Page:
For me, time has made our relationship softer, more comfortable.  I worry less and enjoy it more.  I feel goofier and more playful, but in some ways we’ve become more straightforward with each other.  Here’s an example: I had a Dave Matthews Band album in the CD player when he arrived for lunch on Friday, and as soon as we’d finished saying hello, he announced, “Ugh, I HATE Dave Matthews!”  This came from a man who hardly ever uses the word hate, so he wasn’t kiddin’ around.  And he said this to me, who has listened to her DMB albums so much they are part of the soundtrack of my history.  As a teenager, I first fell in love while a rotation of DMB albums grooved in the background.  And now the current love of my life announces that he hates them.  You know what I did?  Without skipping a beat, I offered to turn it off.  No arguing, no questions asked.  Just like that.  Because with Matt, that sort of thing doesn’t matter to me.  (Plus I know I’ll have complete control of the music as soon as he leaves.  Ha!)

We see each other once every three months.  You might think that we would both feel a lot of pressure to make our visits feel “special,” and sometimes that is true.  I want Matt to have a good time with me.  I worry that College Station lacks the energy and charm of Evanston and Chicago, but what we’ve lost in urban splendor, we’ve gained in other ways.  We went walking in three nice parks, Lick Creek Park, Bee Creek Park, and Lemon Tree Park, where we gazed at wildflowers and listened to birds twittering to each other.  We bought delicate lettuce at the farmers’ market and tasted samples of homemade salsa.  (I bought two jars!)  We visited “our” coffee shop and sipped coffee while sitting outside in the sun.  We sat out by the pool in our swimsuits and watched lizards challenge each other, heads nodding swiftly, throats swelling aggressively, bodies changing color like mood rings.  We had a fancy meal at Christopher’s World Grill and cheap Tex-Mex food at Rosa’s.

We did more walking than cooking and more talking than anything else.  Both of us have been incredibly busy with our jobs, so it was nice to let someone else feed us for a few meals.  And being outside with Matt, where we could talk about plants and trees, was restorative.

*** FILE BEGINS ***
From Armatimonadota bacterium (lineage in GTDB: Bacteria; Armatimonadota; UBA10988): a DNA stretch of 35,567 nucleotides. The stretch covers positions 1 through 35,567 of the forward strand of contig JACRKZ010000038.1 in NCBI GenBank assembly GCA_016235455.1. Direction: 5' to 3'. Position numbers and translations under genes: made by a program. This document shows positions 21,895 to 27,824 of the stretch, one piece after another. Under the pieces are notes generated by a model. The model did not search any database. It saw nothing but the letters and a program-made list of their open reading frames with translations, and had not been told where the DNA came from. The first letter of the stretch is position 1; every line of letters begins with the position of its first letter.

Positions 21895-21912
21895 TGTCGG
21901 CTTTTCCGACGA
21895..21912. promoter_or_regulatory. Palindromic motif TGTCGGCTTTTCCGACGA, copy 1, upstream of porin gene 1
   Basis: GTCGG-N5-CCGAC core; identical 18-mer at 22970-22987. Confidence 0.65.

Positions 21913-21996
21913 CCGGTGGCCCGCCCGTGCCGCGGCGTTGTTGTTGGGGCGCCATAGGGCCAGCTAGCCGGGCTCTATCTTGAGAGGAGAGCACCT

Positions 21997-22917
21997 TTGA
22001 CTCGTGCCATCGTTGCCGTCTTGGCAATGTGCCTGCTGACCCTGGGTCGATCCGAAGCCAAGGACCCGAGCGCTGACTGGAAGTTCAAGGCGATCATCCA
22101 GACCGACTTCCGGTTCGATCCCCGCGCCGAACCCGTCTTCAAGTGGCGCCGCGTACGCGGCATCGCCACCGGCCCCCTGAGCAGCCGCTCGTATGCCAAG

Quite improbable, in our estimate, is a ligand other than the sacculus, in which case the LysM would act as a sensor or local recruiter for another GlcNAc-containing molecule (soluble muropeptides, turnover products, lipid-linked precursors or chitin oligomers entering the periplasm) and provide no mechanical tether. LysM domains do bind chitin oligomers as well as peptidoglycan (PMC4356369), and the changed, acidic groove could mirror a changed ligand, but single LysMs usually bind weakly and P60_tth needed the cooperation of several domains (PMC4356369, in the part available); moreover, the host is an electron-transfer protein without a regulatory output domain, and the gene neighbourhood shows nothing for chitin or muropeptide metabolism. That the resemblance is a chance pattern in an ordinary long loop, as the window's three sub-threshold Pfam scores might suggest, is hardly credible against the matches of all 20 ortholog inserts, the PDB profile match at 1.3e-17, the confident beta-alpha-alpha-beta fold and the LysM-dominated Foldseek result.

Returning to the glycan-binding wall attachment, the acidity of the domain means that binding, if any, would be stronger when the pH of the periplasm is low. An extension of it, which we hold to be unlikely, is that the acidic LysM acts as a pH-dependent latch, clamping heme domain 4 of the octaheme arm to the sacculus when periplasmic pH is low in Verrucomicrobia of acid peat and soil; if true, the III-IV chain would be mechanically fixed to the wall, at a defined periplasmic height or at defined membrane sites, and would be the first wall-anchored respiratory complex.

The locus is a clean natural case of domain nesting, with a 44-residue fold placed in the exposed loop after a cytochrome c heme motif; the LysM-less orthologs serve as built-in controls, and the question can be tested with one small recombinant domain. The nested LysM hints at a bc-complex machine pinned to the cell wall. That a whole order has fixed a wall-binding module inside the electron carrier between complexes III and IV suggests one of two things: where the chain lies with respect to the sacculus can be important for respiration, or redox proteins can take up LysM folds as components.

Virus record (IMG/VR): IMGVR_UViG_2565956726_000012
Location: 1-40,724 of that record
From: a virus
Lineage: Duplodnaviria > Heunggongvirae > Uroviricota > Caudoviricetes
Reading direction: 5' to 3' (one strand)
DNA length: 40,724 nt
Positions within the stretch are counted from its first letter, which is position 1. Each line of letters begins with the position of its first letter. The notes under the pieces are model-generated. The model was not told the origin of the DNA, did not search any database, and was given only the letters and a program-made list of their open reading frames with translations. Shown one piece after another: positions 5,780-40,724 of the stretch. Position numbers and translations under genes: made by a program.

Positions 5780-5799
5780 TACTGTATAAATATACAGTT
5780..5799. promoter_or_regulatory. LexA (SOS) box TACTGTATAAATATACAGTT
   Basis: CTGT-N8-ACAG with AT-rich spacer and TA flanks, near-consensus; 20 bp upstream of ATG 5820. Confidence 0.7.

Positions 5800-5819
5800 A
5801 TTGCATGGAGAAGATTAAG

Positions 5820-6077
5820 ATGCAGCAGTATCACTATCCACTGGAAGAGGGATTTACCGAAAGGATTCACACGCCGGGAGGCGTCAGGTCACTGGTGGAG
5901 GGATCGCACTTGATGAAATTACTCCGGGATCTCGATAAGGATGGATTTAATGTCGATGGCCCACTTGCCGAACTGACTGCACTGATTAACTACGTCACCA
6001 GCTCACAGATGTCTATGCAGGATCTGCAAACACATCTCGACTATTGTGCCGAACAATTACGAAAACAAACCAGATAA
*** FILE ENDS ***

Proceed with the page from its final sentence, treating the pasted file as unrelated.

He left on Sunday, our plans to see each other in July floating in the air like fuzzy windborne seeds.  I cried a little bit, like I usually do.  Then I soothed myself with some retail therapy at Old Navy.  I even bought a pair of green shorts.  I can’t remember the last time I bought new shorts, but here in Texas, I think I’m going to need them.  Then I ignored the dirty sheets and dishes while I read my new book, The Immortal Life of Henrietta Lacks by Rebecca Skloot, a book I can’t wait to use when I’m teaching undergraduates cell and molecular biology.  This book is science writing at its best and human arrogance at its worst.  It’s stunning.

My life goes on, with and without Matt.  But he has changed it, and I am as grateful for that as I am for his love.

Tuesday, April 6, 2010

Where the Stories Are

Science!  That’s what Ammie and I are writing about this week for our tandem posts.  I’m excited.  Hop on over to still life to read Ammie’s post here.

The Wisdom of Robert Frost

My favorite thing about science is the stories.  No matter how wacky our ideas about the natural world may be, science will surprise us with something even crazier.

As a working scientist, I find this to be a constant source of hilarity and frustration.  My motto inside the lab is this: Shit goes wrong all the time.  It’s my job to fix it and make it work.  I say this to myself because the vulgarity makes me laugh and then in the quiet moment afterward, I am reminded that things rarely go according to plan and this is okay.  It’s part of the scientific process.

I don’t love fixing things.  I tolerate it, and I’ve certainly become better at it as the years in the lab have grown longer.  But I love being part of a storymaking process.  I am one of a few people in the world who are witnessing the story that science is telling through my experiments.  It is an extraordinary feeling.  When I was an undergraduate and thinking very strongly about going to grad school in science, other students would groan and say, “Ugh, I hate lab!”  They were referring to the various lab exercises associated with our classes.  And the truth is that I hated lab too!  They were usually in the afternoon, when I was feeling lethargic after lunch and a full morning of classes.  The lab exercises tended to be stand-alone activities, something we were supposed to finish in three or four hours, then write up as a cute little lab report to turn in the next week.  There wasn’t much of a story to tell.